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The World Health Organization's International Agency for Research on Cancer reviewed 1,000+ papers investigating the link between coffee and cancer and concluded that the WHO's 1991 classification of coffee as a carcinogen was mistaken. Read the rest

Cryogenic freezing improves coffee extraction

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A new study in Nature by University of Bath chemist Christopher Hendon and colleagues from various universities and coffee shops finds that cryogenic freezing of coffee beans prior to grinding them produces a more uniform grind that allows for optimal extraction. Read the rest

A First: from space, NASA spots a single methane leak from Earth's atmosphere

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“For the first time, an instrument onboard an orbiting spacecraft has measured the methane emissions from a single, specific leaking facility on Earth's surface,” NASA announced Tuesday.

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Blow half of your mind with this explainer on brain hemispheres

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CGP Grey explains that it might be better to think of your brain as two intelligences, with the mute right hemisphere forced to play sidekick to its conjoined twin.

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University student scientists study: "Who’s the best-equipped superhero?"

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University of Leicester students spent 7 years using math and physics principles to answer "Who’s the best-equipped superhero?" They've published a series of papers on the subject in the university's "Journal of Physics Special Topics" and "Journal of Interdisciplinary Science Topics." The answer? Superman, followed by Wolverine, Mystique and Thor. From the University of Leicester:

Whilst Black Bolt, ruler of the ‘Inhumans’, may be the most destructive of the superheroes (capable of planetary annihilation), the student work suggests that, based on the range of superpowers at his disposal and the only limiting factor seemingly being the planet’s Sun, the ‘Last Son of Krypton’ Superman is likely to be the best equipped to win in an epic clash between all of the studied superheroes.

Boasting a super-powered array of skills, Superman, if obeying the ‘Law of Energy Conservation’, could exhibit a calculated stored solar energy output of 7.07x105 Joules per second for his ‘Super Flare’ attack. It is also shown that the ‘Man of Steel’, in theory, could have higher density muscle tissue than the average human which could aid in several of his superhuman abilities.

This incredible display of power makes Superman the number one candidate for ‘most powerful superhero’.

Honourable mentions go out to X-Men duo Wolverine and Mystique who were close contenders for the title of world’s finest in the student papers with their multitude of mutant abilities – including increased regenerative capacity and, in the case of Mystique, a mastery of gene manipulation to aid in disguise.

The superhero Thor, based off of the Norse god of the same name, would also be one of the most formidable superheroes, having high energy efficiency and explosive powers.

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The closest I'll get to Jupiter is this JPL clean room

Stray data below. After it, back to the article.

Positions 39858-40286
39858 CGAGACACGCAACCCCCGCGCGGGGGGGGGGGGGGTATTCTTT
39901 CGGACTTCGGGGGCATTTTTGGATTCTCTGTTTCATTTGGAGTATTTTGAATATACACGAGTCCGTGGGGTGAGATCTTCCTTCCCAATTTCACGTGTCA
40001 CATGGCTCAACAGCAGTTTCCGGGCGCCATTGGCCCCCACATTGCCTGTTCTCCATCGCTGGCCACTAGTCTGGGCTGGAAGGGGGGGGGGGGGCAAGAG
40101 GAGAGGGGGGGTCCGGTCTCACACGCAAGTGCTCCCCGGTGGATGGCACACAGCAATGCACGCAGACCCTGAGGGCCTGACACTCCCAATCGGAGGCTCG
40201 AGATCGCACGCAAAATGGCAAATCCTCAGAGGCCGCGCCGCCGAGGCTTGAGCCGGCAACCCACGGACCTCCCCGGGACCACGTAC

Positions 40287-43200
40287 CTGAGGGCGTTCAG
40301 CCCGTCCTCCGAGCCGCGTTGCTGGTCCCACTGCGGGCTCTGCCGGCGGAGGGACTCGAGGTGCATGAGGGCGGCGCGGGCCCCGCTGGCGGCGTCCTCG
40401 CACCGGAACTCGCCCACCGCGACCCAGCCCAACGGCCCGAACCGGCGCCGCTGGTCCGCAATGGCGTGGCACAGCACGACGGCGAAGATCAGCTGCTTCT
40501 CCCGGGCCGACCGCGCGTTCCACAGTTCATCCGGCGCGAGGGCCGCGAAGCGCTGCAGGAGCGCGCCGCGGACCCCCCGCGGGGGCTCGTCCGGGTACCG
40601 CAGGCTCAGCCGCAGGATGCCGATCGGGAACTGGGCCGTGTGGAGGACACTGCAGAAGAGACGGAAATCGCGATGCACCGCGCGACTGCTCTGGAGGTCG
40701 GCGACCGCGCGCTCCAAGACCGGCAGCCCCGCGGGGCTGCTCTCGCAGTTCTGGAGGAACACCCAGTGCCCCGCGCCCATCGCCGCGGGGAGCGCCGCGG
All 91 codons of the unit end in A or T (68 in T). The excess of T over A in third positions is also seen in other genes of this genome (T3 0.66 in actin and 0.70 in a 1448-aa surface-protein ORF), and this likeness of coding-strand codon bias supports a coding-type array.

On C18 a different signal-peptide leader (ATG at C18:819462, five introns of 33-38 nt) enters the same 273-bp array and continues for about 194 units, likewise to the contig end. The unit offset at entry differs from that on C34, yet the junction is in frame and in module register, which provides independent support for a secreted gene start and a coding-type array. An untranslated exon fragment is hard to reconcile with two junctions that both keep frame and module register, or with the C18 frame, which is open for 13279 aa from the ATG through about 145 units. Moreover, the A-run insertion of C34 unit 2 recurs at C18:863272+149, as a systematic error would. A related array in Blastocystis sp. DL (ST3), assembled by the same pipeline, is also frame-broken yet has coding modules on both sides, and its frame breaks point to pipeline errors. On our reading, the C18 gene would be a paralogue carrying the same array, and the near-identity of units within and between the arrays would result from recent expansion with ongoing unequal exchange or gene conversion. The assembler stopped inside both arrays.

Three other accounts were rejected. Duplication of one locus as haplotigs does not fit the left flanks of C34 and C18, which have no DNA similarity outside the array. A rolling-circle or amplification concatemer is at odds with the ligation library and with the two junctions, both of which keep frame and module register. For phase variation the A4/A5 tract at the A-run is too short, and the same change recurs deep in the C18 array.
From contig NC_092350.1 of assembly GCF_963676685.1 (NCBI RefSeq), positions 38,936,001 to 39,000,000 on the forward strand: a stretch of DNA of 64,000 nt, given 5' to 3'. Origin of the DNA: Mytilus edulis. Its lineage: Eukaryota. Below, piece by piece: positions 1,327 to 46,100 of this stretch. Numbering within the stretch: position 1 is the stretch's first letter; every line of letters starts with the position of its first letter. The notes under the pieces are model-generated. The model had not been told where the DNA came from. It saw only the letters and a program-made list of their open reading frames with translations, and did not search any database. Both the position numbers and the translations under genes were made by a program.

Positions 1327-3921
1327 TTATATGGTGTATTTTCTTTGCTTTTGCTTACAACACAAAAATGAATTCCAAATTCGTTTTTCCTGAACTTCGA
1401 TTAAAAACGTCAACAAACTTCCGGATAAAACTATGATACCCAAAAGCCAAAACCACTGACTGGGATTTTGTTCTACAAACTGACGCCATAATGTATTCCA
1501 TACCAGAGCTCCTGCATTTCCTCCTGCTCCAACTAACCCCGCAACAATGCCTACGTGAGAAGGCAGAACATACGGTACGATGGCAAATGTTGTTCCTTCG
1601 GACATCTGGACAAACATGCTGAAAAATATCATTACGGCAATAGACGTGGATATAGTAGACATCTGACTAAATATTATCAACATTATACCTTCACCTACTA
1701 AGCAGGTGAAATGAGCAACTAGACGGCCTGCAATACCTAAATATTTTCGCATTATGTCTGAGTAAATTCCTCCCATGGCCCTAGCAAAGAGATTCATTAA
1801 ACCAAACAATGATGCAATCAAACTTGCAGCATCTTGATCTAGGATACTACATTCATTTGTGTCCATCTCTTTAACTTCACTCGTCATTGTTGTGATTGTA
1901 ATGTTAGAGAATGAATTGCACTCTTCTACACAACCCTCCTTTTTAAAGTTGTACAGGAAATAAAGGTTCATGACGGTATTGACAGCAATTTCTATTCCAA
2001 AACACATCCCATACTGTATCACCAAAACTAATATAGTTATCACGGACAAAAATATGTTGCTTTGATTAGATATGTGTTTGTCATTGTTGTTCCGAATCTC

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Hey Jupiter, I hope you're ready for your close-up.

Recently, I was granted the rare privilege of stepping inside one of the largest cleanrooms at NASA's Jet Propulsion Laboratories. I was there to learn about this year's blockbuster space mission, Juno, and chat with some super smart science and engineering people who worked on the project.

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In updated Periodic Table, some new elements may be named for Japan, Moscow, Tennessee

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The periodic table of elements will soon be updated with four new names, including three that honor Moscow, Japan, and Tennessee. A total of four new names were recommended Wednesday by an international scientific group, and the fourth is named for a Russian scientist.

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Color illustrations of 16th C eye-diseases, including those caused by witchcraft

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16th century barber-surgeon Georg Bartisch began his barber-surgeon apprenticeship in 1548 in Saxony, and three years later, became an itinerant barber-surgeon in Saxony, Silesia, and Bohemia. Read the rest

Shocking video of an electric eel leaping from its tank

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This intense slow-motion video, depicting an electric eel jumping from a tank to zap a faux alligator head, accompanies a new scientific paper by Vanderbilt University biologist Kenneth Catania. From Nature:

Catania first spotted the behaviour during earlier laboratory experiments with electric eels (Electrophorus electricus), when they would leap upwards to attack a metal-rimmed net as he was trying to fish them out of their tanks. He analysed it by presenting the eels with carbon rods and aluminium plates at which they struck; the video’s plastic alligator, with its flashing light-emitting diodes that are powered by the eel’s electrocution, is his dramatic demonstration of the effect...

The behaviour allows eels to directly shock their opponents, rather than having their voltage dissipated by water.

It is the first time that this has been recorded in a research paper, Catania says — although he argues that his discovery supports a widely disbelieved observation made more than 200 years ago by the Prussian explorer and naturalist Alexander von Humboldt. In a paper published in 1807, von Humboldt recounted that he had seen South American native fishermen herding horses into a pool of electric eels; the eels would discharge themselves against the horses and could be fished safely when they were exhausted.

According to Catania, there are other mysteries of the electric eels left to be solved, like how it can electrocute another creature without zapping itself in the process.

"Leaping eels electrify threats, supporting Humboldt’s account of a battle with horses" (PNAS)